Three killed, four others injured in attack targeting Friday prayers in Eastern Province of Gulf kingdom.
An Islamic State jihadist killed three people on Friday when he blew himself up in a car outside a Shia mosque in Saudi Arabia, the second such attack in a week.
The bombing, again coinciding with weekly Friday prayers, took place in the oil-rich Eastern Province where most of the predominantly Sunni kingdom’s Shia community live. It killed three people and wounded four, the interior ministry said.
The suicide bomber—disguised in women’s clothing—detonated his device at the entrance to the mosque, said the official Saudi Press Agency, citing a ministry spokesman. “Authorities have managed to foil a terrorist crime targeting people performing the Friday prayers at Al-Anoud mosque in Dammam,” the provincial capital, he said. The bomber “detonated the explosive belt he was wearing at the mosque entrance as security officials were on their way to inspect him,” he said, citing preliminary results of the investigation.
The explosion happened just as the attacker’s vehicle stopped at a car park near the mosque, the spokesman said.
I.S., in a statement carried by jihadist accounts on Twitter, quickly said the attack was carried out by “a soldier of the caliphate, Abu Jandal al-Jazrawi.” It said the bomber managed to “reach the target despite heavy protection” outside the mosque.
Friday’s blast came exactly seven days after the jihadist group sent a suicide bomber into another Shia mosque in Eastern Province, an attack which cost 21 lives.
Sympathizers of the Sunni extremist group were also accused by Saudi authorities of gunning down seven members of the minority Shia community in an attack last November. Activist Nassima al-Sada, who arrived at the site after Friday’s bombing, said the assailant blew himself up after security volunteers tried to prevent him from entering the ladies’ section of the only Shia mosque in Dammam. Women were not allowed to pray at the mosque this week for security reasons, Sada said.
After the May 22 attack, residents had set up security committees to search those entering mosques during prayers, witnesses said. They added that the authorities had not themselves brought in any extra security measures around Shia mosques despite the attacks.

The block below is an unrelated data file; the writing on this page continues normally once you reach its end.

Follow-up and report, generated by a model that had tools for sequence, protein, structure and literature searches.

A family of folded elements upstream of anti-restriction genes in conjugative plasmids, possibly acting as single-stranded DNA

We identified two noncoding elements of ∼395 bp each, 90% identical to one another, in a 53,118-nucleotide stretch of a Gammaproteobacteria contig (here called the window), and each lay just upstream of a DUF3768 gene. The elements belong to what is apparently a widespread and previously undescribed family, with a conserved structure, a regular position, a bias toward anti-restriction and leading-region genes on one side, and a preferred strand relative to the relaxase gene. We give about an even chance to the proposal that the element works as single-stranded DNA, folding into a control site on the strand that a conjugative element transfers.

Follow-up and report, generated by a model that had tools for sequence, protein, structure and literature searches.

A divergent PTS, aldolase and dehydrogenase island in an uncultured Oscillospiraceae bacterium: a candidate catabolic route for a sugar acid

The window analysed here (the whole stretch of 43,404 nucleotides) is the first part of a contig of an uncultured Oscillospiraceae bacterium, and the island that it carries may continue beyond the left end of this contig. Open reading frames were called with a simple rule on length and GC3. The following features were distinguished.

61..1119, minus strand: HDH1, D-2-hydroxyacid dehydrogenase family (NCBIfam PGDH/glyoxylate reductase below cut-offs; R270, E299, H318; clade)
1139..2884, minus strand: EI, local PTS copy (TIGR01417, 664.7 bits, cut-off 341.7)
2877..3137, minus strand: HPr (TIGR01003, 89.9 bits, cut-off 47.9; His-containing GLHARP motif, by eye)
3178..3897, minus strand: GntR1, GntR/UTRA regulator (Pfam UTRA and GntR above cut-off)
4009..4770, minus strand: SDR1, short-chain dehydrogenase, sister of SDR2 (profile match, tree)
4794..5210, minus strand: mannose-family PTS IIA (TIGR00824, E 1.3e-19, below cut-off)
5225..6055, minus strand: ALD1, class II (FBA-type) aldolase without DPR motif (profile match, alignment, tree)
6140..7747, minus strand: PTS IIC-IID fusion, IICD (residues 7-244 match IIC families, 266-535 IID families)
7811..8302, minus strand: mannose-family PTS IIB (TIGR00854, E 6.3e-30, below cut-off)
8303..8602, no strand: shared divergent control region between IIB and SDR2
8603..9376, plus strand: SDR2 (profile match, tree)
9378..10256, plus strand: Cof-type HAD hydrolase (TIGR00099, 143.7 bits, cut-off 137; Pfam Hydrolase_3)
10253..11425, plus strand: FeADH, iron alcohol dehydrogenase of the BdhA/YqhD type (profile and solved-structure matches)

Amnesty International said Friday that Saudi authorities must take “immediate steps” to protect Shias “from sectarian violence and put an end to decades of systematic discrimination.”
Frederic Wehrey, a Gulf analyst at the U.S.-based Carnegie Endowment for International Peace, told AFP “the attack may have been calculated to incite greater distrust among the city’s residents. I think one dangerous result of these increased bombings is the Shias’ loss of faith in the security services, potential formation of local self-protection units or vigilantism.”
Most of the kingdom’s Shia minority lives in the wealthy east, but they have long complained of marginalization. A Dammam resident told AFP that the Shia community was angry but would not allow the attackers to succeed in their goal of stoking sectarian tensions.
“From our side, we’ll try not to have these guys succeed in their mission. We will still continue to work hand in hand,” he said.
Neighboring Sunni-ruled Bahrain, which crushed a 2011 uprising by its Shia majority, condemned the “terrorist bombing,” which “aims to fuel sectarian divisions,” state news agency BNA said.
Gulf Cooperation Council head Abdullatif al-Zayani condemned the “cowardly criminal act that contradicts all principles of Islam and humanity.” He reiterated the six-member GCC’s commitment to “uprooting terrorism regardless of its reasons or perpetrators.”
From Cairo, the head of Al-Azhar, Sunni Islam’s top seat of learning, urged Muslims “not to allow themselves to be dragged into plots to inflame sectarian tensions.” In his condemnation, Sheikh Ahmed al-Tayeb stressed “the sanctity of blood and of the houses of God,” and “respect for the brotherhood of Islam.”
As the bomber struck in Dammam, Saudi cleric Osama al-Khayat, leading Friday prayers in the holy city of Mecca, deplored last week’s attack and urged people to “stand up against… this great sin.”
King Salman has vowed to punish anyone linked to last week’s “heinous crime.” Meanwhile, the country’s top cleric, Grand Mufti Sheikh Abdul Aziz al-Sheikh, has called it a “criminal act” targeting national unity.
Saudi Arabia has joined a U.S.-led military coalition against I.S. in Syria, raising concerns about possible retaliation. And since late March, Saudi Arabia has also led a coalition in an air war on Iran-backed Shia rebels in Yemen.